For Burma’s ‘black magic’ generals, known for consulting astrologers over every major move, November 13 must have seemed an auspicious enough day to release arch foe and democracy icon Daw Aung San Suu Kyi.
Her gently decomposing mansion on Inya Lake in north Rangoon has been barricaded with its celebrity prisoner inside for the past seven years. Altogether, Suu Kyi has spent 15 of the past 21 years under house arrest here. But on Saturday, crowds started to build outside the army barricades on University Avenue. By late afternoon, the crowd of hard-core supporters—many bravely wearing t-shirts emblazoned with her image—began chanting her name and drawing closer to the barricades.
The soldiers began to get nervous. Reinforcements arrived in the form of helmeted riot police, armed with tear gas and stun grenades, who threatened to disperse the crowd unless it moved back. Army cameramen and ‘MI’ operatives filmed everyone, particularly the dozen or so journalists who had broken cover to report on events. At that point, no-one knew if ‘the lady’ would be released or if the country faced another, bloody, crackdown.
Then, at 5 pm, soldiers began removing the barricades to wild cheers from the crowd. A stampede began; hundreds of people began pouring through barbed wire openings along University Avenue and rushed past soldiers to assemble at the gate outside her home as the light faded.
When Suu Kyi appeared at the gate, her voice was drowned out by the exuberant crowd. An elderly woman standing next to me with tears rolling down her cheeks said, ‘Isn’t she beautiful? Now that she is free my happiness knows no limits.’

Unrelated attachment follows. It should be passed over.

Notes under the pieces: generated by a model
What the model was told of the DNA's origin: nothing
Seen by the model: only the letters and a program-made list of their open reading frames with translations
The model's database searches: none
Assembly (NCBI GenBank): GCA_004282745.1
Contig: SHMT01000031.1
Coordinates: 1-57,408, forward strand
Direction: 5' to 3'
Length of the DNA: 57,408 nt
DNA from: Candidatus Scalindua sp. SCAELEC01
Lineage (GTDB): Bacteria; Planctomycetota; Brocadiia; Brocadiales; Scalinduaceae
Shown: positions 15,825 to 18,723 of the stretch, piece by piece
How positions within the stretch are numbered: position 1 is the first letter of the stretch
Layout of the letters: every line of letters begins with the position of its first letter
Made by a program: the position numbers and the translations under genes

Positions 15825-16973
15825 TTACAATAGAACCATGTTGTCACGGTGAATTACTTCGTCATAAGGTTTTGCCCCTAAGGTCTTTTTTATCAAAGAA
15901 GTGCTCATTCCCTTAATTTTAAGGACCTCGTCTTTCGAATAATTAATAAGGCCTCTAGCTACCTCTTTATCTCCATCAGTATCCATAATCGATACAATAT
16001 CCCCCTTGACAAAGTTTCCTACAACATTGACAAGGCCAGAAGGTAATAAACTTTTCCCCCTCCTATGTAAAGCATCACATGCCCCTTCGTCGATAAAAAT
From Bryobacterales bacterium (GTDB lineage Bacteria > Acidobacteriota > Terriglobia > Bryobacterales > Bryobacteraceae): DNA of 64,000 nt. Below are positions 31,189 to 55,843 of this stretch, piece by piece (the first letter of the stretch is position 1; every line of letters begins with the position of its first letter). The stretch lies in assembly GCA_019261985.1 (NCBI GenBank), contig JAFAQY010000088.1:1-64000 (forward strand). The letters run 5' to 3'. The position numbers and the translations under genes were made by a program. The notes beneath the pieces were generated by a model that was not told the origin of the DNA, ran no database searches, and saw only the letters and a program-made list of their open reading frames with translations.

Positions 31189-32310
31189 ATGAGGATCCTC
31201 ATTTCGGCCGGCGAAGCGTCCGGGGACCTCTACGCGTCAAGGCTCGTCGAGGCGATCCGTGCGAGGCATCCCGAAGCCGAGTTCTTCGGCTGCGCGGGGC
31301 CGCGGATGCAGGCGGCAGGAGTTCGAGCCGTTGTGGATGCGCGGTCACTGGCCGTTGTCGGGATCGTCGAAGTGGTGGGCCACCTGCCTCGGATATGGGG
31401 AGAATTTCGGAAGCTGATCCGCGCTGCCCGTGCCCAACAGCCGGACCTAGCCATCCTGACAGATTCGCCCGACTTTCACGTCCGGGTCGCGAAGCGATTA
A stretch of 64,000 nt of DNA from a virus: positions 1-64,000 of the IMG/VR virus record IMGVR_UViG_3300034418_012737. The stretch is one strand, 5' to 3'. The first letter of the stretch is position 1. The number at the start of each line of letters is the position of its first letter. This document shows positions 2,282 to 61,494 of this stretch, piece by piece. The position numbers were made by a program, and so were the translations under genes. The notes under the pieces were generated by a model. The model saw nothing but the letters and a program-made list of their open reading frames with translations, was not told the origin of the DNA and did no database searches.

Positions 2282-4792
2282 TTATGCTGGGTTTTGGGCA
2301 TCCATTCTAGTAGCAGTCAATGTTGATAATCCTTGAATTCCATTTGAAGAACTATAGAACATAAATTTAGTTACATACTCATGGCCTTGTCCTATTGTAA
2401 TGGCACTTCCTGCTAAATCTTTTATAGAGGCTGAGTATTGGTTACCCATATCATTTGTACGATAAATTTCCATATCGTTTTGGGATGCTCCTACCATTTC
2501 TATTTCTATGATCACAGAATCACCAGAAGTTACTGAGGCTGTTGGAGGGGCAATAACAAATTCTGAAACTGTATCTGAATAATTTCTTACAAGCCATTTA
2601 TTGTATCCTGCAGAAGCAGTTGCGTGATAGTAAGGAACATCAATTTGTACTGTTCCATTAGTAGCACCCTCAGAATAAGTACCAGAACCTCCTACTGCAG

Addressing the crowd, Suu Kyi called for unity and determination, announcing a public rally for the following day. For hours, long after she’d retreated back to her home to consult with her NLD (National League for Democracy) colleagues, the people kept arriving.
And on Sunday, a huge crowd moved along roads past the Lucky 7 teashop towards the NLD headquarters in the sweltering heat. Although her party was banned from participating in the recent elections, the 10,000 people who showed up underscored the fact that the party is still very much alive for them.
‘I believe in human rights and I believe in the rule of law,’ Suu Kyi told the crowd, ‘I am for national reconciliation and for dialogue.’
She said there was much work to be done and called for a face-to-face meeting with junta leader General Than Shwe.
‘If my people aren’t free, how can I say that I am free?’
This sentiment encapsulated the views of one Burmese activist who noted the day before: ‘If they release her, she’ll simply be moving from a smaller prison into a bigger one—our whole country is a prison.’